[REVOLUTIONARY WAR]. A Song Composed by the British Soldiers, After the Battle at Bunker-Hill, on the 17th of June, 1775. N.p., n.d. [Boston: Printed at Draper's printing-office, 1775].
Folio broadside (15 7/8 x 6 in.), deckle edges preserved. Woodcut of a battle scene at top of sheet (1 3/16 x 2 7/8 in.), text in a single column in roman type, printer's ornament at bottom of the sheet. (Margins frayed with several tears and small losses, not affecting text, several small holes along old folds with tiny losses just catching a few letters.)
A RARE BUNKER HILL BROADSIDE: "LIKE REBELS STOUT, THEY STOOD IT OUT, AND THOUGHT WE NE'ER COULD BEAT THEM..."
The stridently derisive verses here presented were employed by both sides in their broadside wars: one version, no doubt printed by the rebel Americans, is headed "A Song Composed by the British Butchers" (see Winslow 68). With a minimum of change the story was told from the point of view of either side. The narrative poem, certainly by an eyewitness and evidently the work of a British soldier who participated in the battle, consists of 12 four-line stanzas. Lines 1 and 4 of the first stanza read: "It was on the seventeenth by break of Day, the Yankees did surprise us...Like rebels stout they stood it out, and thought we ne're could beat them." Subsequent verses recount the issuance of arms, and the transport across the bay: "With three good flints and sixty rounds, each man hop'd to discharge them We marched down to the long wharf, where boats were ready waiting, With expedition We embark'd, our ships kept cannonading." The British cannonade is described, and the poet boasts of the frigate Glasgow "With her grape shot and cannon balls, no Yankee e're could stand 'em." The only British officers named are Sir William Howe ("brave Howe") and Pigot; the commander, Gage, is oddly omitted. The final successful assault on the American earthworks is described: "And when their works we got into, and put them to the flight, sir, Some of them did hide themselves, and others died with fright, sir...."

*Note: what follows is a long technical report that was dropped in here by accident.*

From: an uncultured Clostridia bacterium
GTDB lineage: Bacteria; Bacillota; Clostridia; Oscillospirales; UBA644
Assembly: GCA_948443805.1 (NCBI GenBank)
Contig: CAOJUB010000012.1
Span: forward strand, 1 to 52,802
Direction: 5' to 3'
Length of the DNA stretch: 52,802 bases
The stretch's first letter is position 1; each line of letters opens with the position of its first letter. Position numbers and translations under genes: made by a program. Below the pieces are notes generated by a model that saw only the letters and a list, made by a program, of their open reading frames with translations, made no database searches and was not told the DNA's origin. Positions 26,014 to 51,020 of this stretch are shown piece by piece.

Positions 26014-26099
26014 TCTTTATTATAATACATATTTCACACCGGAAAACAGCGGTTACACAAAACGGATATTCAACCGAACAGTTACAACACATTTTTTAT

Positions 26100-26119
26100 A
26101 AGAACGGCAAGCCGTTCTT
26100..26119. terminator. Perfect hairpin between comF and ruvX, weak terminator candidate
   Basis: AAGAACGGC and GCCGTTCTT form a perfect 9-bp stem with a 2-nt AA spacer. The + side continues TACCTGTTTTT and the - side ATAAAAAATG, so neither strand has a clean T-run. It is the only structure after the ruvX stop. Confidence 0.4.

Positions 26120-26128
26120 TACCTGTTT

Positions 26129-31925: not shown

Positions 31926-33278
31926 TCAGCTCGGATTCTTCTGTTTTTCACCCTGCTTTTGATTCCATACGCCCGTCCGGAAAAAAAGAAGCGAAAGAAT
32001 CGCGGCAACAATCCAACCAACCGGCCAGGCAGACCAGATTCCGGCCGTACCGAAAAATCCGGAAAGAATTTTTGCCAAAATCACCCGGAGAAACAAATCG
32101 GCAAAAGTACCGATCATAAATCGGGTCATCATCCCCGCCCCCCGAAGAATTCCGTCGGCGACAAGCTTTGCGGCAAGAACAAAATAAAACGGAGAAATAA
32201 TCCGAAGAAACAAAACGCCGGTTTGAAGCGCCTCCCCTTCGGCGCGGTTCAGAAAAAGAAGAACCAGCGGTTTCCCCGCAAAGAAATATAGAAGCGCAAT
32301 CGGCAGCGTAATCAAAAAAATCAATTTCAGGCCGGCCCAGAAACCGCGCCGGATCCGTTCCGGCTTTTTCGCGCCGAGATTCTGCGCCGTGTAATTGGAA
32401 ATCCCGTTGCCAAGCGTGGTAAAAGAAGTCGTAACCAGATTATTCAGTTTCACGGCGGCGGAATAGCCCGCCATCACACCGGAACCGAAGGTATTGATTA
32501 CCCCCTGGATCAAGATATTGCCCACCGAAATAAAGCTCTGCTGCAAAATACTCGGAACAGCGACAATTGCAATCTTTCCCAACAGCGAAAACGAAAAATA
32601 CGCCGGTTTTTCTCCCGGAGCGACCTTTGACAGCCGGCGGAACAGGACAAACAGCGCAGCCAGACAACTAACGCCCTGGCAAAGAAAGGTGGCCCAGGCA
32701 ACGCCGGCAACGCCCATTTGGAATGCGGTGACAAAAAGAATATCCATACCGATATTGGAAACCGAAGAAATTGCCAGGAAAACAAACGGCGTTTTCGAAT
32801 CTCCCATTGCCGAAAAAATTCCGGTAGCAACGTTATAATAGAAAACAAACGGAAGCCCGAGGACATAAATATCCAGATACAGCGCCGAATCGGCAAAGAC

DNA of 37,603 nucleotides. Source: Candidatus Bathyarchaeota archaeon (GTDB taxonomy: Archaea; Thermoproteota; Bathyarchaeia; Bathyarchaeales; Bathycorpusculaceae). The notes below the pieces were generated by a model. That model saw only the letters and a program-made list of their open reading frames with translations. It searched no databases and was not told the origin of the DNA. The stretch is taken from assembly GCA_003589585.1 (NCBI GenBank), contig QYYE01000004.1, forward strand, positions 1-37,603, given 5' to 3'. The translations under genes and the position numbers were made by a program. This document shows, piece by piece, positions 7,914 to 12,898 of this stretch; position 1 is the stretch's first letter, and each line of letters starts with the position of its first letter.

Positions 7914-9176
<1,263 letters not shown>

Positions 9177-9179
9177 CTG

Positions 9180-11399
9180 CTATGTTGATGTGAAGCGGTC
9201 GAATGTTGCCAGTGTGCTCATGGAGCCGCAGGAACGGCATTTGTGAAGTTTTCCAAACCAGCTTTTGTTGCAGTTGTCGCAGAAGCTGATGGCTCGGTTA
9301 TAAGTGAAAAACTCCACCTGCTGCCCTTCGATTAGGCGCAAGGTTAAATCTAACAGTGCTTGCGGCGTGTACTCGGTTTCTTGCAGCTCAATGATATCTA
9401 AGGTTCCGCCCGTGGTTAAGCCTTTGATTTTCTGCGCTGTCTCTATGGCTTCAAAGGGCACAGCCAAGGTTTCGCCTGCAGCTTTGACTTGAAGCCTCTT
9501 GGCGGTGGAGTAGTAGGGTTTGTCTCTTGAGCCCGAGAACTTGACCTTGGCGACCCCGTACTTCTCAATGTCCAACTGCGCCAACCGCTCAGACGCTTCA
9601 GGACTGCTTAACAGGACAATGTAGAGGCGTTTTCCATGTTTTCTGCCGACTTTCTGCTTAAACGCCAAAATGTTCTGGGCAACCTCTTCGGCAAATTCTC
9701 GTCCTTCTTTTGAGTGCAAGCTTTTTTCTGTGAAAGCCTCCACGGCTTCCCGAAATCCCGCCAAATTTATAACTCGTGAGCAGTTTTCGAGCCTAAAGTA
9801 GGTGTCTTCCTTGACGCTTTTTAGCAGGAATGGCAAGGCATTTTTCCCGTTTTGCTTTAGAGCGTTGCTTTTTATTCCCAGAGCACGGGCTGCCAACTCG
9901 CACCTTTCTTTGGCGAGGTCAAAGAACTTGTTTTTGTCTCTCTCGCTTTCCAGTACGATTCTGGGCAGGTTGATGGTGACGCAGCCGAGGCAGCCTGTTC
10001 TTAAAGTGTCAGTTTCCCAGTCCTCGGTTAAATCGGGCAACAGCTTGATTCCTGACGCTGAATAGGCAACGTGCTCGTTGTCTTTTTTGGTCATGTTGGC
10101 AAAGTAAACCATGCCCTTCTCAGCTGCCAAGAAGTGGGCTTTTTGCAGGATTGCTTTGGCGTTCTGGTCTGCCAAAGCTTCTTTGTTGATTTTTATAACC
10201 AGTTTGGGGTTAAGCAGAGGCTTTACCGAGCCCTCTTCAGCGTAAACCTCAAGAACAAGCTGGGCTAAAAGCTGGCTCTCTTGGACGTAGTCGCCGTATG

The poet, in his final lines, alludes by name to two of Boston's foremost patriots: "And as for their King that John Hancock, and Adams if they're taken, Their heads for signs shall hang up high upon that hill called Beacon." Two variant settings are recorded (see below). In this version, there is no comma after "Song" in the heading and line four of the sixth stanza reads "O'er hills & dales & mountains high." Evans 14465; Ford 1934; Lowance & Bumgardner 23; Wegelin 779 (variant); Winslow, American Broadside Verse 68779 (variant).